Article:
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If you are in the middle of a for or while loop, and your code encounters a break statement, you’ll immediately exit the loop.

 1while True: # Loop forever
 2    quit = input("Do you want to quit? ")
 3    if quit == "y":
 4        break
 5
 6    attack = input("Does your elf attack the dragon? ")
 7    if attack == "y":
 8        print("Bad choice, you died.")
 9        break
10
11    attack = input("Does your elf attempt to steal the gold? ")
12    if attack == "y":
13        print("Bad choice, you died.")
14        break

If you are in the middle of a loop, and your code encounters a continue statement, you’ll immediately be sent back up to the top of the loop.

12.5. Review

12.5.1. Review Questions

  1. Write a while loop that will run the same as the following code:

for i in range(10):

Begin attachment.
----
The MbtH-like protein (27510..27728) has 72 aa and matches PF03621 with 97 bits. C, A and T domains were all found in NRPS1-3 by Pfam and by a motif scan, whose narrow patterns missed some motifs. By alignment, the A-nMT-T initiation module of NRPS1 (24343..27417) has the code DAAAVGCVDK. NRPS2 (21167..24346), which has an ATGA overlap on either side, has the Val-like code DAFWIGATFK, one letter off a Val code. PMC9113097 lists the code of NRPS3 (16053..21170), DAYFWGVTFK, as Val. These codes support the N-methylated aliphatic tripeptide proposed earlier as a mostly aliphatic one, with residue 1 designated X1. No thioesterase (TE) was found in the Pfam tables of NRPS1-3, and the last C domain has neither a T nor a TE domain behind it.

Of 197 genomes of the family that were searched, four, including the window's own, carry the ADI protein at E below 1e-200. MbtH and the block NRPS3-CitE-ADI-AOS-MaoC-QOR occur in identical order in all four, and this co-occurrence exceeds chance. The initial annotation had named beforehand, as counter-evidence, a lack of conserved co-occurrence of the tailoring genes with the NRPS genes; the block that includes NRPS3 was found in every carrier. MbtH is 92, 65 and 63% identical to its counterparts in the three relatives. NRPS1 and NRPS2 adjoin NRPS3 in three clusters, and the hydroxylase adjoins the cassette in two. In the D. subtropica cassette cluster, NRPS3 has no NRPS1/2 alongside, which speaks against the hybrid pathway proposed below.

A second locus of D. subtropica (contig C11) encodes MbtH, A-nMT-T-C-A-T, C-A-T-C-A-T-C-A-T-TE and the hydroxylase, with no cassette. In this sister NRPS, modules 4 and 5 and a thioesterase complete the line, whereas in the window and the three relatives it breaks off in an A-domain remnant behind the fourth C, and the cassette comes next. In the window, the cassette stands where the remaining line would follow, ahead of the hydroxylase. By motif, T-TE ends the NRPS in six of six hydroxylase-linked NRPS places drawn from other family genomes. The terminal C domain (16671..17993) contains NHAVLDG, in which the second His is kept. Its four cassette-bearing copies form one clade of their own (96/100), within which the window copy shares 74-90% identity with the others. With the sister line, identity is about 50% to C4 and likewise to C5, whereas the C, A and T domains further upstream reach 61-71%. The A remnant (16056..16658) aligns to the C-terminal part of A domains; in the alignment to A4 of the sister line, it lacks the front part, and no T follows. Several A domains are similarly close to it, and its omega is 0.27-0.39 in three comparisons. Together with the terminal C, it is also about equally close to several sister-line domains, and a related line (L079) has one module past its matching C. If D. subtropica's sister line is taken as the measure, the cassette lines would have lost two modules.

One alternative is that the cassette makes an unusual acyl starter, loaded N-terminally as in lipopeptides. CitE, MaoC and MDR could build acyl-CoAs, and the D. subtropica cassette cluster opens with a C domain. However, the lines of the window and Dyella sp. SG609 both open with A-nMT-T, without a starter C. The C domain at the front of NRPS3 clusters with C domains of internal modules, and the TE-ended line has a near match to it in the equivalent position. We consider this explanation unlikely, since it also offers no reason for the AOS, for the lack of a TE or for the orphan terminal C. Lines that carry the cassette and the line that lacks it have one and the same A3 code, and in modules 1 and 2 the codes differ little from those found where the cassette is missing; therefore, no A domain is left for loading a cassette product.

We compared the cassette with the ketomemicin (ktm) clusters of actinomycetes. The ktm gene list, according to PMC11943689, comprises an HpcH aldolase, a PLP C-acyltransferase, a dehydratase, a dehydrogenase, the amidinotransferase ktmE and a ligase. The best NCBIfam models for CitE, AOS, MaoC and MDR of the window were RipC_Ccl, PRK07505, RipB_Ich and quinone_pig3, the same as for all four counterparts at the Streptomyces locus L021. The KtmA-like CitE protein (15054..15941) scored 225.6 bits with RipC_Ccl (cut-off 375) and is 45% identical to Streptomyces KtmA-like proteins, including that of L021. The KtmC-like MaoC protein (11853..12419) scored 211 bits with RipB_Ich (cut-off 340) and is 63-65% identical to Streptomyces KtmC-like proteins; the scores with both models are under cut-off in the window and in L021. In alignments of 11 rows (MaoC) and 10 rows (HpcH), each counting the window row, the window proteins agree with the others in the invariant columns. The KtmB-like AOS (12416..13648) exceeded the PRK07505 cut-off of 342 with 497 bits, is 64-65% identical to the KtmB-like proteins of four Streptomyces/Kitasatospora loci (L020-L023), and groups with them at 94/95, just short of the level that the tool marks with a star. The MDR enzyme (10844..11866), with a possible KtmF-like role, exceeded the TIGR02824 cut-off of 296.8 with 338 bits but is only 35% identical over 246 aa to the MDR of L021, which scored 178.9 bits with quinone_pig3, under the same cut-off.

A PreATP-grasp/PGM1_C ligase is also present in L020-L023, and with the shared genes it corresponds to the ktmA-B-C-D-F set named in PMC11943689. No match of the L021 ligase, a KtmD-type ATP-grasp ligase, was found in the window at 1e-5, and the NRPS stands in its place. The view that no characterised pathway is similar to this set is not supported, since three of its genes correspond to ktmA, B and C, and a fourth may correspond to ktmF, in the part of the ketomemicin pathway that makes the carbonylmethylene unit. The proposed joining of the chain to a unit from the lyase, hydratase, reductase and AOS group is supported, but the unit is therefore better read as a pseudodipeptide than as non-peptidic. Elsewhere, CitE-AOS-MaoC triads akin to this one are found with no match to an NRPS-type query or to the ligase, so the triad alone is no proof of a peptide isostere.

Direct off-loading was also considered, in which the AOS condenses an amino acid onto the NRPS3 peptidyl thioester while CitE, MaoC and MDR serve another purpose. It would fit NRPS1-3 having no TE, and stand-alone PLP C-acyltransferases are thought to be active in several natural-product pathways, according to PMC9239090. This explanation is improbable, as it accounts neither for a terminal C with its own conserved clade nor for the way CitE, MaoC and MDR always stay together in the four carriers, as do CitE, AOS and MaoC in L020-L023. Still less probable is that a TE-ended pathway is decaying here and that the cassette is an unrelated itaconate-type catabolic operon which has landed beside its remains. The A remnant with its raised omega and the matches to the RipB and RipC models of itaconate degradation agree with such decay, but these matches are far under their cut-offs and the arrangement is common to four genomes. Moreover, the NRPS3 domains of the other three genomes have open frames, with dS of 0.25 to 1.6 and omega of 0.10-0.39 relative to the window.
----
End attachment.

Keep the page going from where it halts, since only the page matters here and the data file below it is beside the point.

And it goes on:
print(i)
  1. What will this code print, and why?

i = 1
while i <= 2**32:
    print(i)
    i *= 2
  1. Write a simple loop that asks the user if they wants to keep looping. Loop until they says “no”.

  2. The programmer wants to count down from 10. What is wrong and how to fix it?

i = 10
while i == 0:
    print(i)
    i -= 1
  1. What is wrong with this loop that tries to count to 10? What will happen when it is run?

i = 1
while i < 10:
    print(i)

12.5.2. On-line Review Problems

Practice on-line by completing the while loop problems starting with 04 available here:

https://repl.it/community/classrooms/174286